Deems & Mark: State of the Heels

Inside Carolina's Buck Sanders conducts the weekly roundtable discussion with former Tar Heels Deems May and Mark Paschal, with bye week analysis and an early look ahead to the FSU game.

Buck: The Tar Heels needed a break and fortunately they got one last Saturday, getting an average (at best) FCS school at home. Now they get the weekend off before playing Florida State at home a week from Thursday. What is the biggest need during their time off -getting healthy or tweaking the offense?

Deems: Off weeks are all about getting better, while healing as well. I would love for UNC to be able to go full pads Wednesday and Thursday and have the defense blitz the offense every play going at full speed. That would be ideal and that's the only way to get a true look and feel at game pace. Unfortunately they don't have the luxury of being able to do that given the injuries on the offensive line. Obviously they need their best players playing and healthy, so getting the guys back is paramount. However, with the back-ups that didn't fare too well in the 2nd half, this would be an ideal time to line them up and get some good full speed work to simulate game pace.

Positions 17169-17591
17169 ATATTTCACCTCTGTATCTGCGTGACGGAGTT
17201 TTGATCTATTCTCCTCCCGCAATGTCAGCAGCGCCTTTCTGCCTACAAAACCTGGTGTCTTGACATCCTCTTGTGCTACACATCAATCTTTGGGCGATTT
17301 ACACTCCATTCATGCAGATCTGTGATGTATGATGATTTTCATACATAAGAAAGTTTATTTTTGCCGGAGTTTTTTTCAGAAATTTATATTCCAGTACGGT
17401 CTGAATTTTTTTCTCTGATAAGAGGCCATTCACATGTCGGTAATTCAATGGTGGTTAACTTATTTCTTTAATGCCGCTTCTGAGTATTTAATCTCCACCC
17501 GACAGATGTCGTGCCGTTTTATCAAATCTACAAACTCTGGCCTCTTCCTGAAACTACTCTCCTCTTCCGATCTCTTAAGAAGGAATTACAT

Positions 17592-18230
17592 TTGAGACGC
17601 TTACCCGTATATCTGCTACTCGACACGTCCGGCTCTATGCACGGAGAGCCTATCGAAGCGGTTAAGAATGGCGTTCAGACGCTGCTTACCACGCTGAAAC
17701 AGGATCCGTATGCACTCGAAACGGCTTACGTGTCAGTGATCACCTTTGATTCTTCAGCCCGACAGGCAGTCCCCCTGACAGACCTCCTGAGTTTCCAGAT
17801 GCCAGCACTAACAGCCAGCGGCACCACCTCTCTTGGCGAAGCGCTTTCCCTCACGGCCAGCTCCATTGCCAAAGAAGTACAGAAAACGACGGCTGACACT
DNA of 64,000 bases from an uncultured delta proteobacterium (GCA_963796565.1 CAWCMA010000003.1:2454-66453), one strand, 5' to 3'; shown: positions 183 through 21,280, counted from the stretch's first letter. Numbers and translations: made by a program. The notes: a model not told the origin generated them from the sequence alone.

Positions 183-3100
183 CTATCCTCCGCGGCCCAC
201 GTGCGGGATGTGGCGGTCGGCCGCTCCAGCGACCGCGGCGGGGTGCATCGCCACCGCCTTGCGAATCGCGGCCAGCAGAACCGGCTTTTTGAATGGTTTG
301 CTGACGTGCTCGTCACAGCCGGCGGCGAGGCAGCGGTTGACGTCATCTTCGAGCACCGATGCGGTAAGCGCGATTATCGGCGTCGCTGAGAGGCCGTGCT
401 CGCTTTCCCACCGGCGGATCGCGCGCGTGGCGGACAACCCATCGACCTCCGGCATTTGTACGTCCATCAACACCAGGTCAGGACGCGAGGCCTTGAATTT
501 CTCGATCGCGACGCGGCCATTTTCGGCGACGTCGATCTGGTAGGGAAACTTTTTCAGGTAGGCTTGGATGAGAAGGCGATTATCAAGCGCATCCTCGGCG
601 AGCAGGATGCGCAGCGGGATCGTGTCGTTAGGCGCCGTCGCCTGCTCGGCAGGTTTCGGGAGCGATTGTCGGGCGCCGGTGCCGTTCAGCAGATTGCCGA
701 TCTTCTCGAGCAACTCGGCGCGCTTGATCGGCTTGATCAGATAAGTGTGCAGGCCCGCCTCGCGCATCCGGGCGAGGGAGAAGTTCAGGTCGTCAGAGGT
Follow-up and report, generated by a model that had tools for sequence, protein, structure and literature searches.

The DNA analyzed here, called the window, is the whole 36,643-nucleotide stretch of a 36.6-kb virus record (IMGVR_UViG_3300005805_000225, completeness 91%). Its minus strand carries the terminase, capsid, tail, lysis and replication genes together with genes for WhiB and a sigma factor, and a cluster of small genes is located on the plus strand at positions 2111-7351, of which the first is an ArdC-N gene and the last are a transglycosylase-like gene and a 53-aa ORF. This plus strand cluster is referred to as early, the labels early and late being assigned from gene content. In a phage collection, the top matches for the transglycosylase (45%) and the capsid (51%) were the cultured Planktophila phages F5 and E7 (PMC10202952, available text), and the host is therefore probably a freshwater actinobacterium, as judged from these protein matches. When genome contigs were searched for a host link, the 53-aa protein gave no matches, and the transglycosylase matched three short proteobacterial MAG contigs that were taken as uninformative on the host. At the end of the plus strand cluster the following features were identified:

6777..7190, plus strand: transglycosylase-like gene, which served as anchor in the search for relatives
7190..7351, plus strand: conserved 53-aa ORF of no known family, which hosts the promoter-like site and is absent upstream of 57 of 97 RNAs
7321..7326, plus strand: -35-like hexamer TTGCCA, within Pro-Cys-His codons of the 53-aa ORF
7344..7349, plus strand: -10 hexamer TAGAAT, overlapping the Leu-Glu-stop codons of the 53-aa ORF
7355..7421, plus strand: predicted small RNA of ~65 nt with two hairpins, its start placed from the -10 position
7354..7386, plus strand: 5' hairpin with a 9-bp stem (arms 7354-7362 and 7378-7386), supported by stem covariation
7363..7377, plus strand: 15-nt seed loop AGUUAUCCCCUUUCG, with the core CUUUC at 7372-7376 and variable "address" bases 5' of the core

Mark: This bye week could not come at a better time for this football team. This football team should focus on three things this break: getting healthy, getting mentally and physically rested, and continuing to look for answers on the offensive side of the football. I think that the biggest need during their time off will be to get healthy because it will help the offensive productivity when the injured guys are able to get back and contribute.